ESMO: Novartis links prostate cancer drug to improved pain, quality of life as regulatory filings near

ESMO: Novartis links prostate cancer drug to improved pain, quality of life as regulatory filings near

Novartis is building the case for its radioligand therapy. With positive phase 3 primary endpoint data in the bag, Novartis arrived at the European Society of Medical Oncology Congress 2021 armed with evidence of the therapy’s effect on quality of life and pain.

Earlier this year, Novartis revealed the phase 3 trial linked 177Lu-PSMA-617 to a four-month median improvement in overall survival. Having shown the drug candidate improves survival in patients with metastatic castration-resistant prostate cancer, Novartis began digging into secondary endpoints that could shed light on the day-to-day effects of the treatment.

“If you think about what our goal is, it’s not only to improve survival, but it’s to improve quality of survival. These are patients that often have their disease metastasize to the bone, and are often only treated via palliation to manage their pain. When the cancer metastasizes, especially to the long bones, it can really compromise their daily activities and their quality of life,” Jeff Legos, global head of oncology and hematology development at Novartis, said.

Novartis sought to understand the effect of 177Lu-PSMA-617 on daily activities through secondary endpoints that looked at patient-reported quality of life and pain. The endpoints linked the drug to estimated risk reductions in the worsening of health-related quality of life and pain intensity of 54% and 55%, respectively.

“Here is a very direct measure showing not only did these patients live four months longer, but they actually felt better during that extended survival,” Legos said.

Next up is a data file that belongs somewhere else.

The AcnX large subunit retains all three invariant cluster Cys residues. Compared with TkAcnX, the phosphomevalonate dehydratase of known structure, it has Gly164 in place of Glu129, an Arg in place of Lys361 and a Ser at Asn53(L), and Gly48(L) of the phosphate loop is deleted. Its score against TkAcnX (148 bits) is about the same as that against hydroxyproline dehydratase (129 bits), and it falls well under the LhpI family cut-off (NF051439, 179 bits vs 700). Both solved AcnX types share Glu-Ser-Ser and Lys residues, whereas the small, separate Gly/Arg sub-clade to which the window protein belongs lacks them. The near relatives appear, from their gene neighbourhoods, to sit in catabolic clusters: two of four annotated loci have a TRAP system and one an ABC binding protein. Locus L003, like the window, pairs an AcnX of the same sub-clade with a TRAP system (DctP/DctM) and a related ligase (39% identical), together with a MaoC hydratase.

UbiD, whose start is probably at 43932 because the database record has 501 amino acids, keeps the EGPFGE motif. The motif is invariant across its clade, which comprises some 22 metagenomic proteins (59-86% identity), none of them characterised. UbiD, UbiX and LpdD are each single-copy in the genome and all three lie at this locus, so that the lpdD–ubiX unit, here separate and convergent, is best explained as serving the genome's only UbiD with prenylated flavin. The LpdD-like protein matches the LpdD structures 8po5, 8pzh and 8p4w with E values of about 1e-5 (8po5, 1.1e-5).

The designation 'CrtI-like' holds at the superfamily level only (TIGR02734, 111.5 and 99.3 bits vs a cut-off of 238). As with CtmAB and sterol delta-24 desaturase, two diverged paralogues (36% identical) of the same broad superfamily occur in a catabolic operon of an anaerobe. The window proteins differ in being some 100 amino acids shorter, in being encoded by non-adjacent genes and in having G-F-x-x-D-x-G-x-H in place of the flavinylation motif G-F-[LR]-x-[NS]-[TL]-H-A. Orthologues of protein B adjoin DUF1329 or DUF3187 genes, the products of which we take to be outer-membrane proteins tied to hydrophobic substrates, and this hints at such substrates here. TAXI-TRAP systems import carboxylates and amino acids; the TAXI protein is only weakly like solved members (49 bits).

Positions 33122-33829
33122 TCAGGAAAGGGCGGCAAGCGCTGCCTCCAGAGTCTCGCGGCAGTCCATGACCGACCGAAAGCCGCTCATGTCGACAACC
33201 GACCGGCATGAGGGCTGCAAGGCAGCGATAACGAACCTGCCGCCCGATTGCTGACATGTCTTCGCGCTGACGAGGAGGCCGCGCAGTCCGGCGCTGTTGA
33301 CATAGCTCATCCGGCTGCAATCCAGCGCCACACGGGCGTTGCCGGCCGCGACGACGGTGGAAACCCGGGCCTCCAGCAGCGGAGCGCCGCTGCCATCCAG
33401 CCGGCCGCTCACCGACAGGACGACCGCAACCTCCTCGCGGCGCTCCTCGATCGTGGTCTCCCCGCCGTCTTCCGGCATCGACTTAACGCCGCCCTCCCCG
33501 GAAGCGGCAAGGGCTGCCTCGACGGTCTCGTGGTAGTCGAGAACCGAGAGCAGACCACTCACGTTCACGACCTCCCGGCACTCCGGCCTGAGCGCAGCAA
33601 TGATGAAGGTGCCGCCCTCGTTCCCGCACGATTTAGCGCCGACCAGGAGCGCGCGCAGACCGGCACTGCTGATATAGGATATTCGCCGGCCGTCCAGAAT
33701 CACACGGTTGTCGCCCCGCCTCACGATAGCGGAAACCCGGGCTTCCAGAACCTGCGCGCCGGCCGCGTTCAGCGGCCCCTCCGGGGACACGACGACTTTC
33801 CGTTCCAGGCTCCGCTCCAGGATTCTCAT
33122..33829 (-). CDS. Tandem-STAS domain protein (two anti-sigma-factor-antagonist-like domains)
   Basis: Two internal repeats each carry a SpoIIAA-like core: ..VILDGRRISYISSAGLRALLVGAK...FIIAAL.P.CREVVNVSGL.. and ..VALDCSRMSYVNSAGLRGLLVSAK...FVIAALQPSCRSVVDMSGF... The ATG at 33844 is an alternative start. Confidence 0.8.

Novartis is now preparing for worldwide regulatory submissions in the phase 3 patient population, which it expects to file by the end of the year. In parallel, the company is ramping up other studies that could enable it to bring 177Lu-PSMA-617 to more prostate cancer patients.

In one study, Novartis is enrolling men who are yet to take taxanes, a class of chemotherapy drugs. Moving 177Lu-PSMA-617 into that earlier treatment line may delay disease progression and improve survival while sparing patients from peripheral neuropathy and the other side effects associated with taxane-based chemotherapy. The other ongoing trial could move 177Lu-PSMA-617 into an even line of treatment by testing it in combination with standard of care.

The clinical trials present Novartis with opportunities to significantly increase the addressable patient population. Legos estimates the two trials cover a patient population that is four to five times larger than that covered by the successful phase 3 study.

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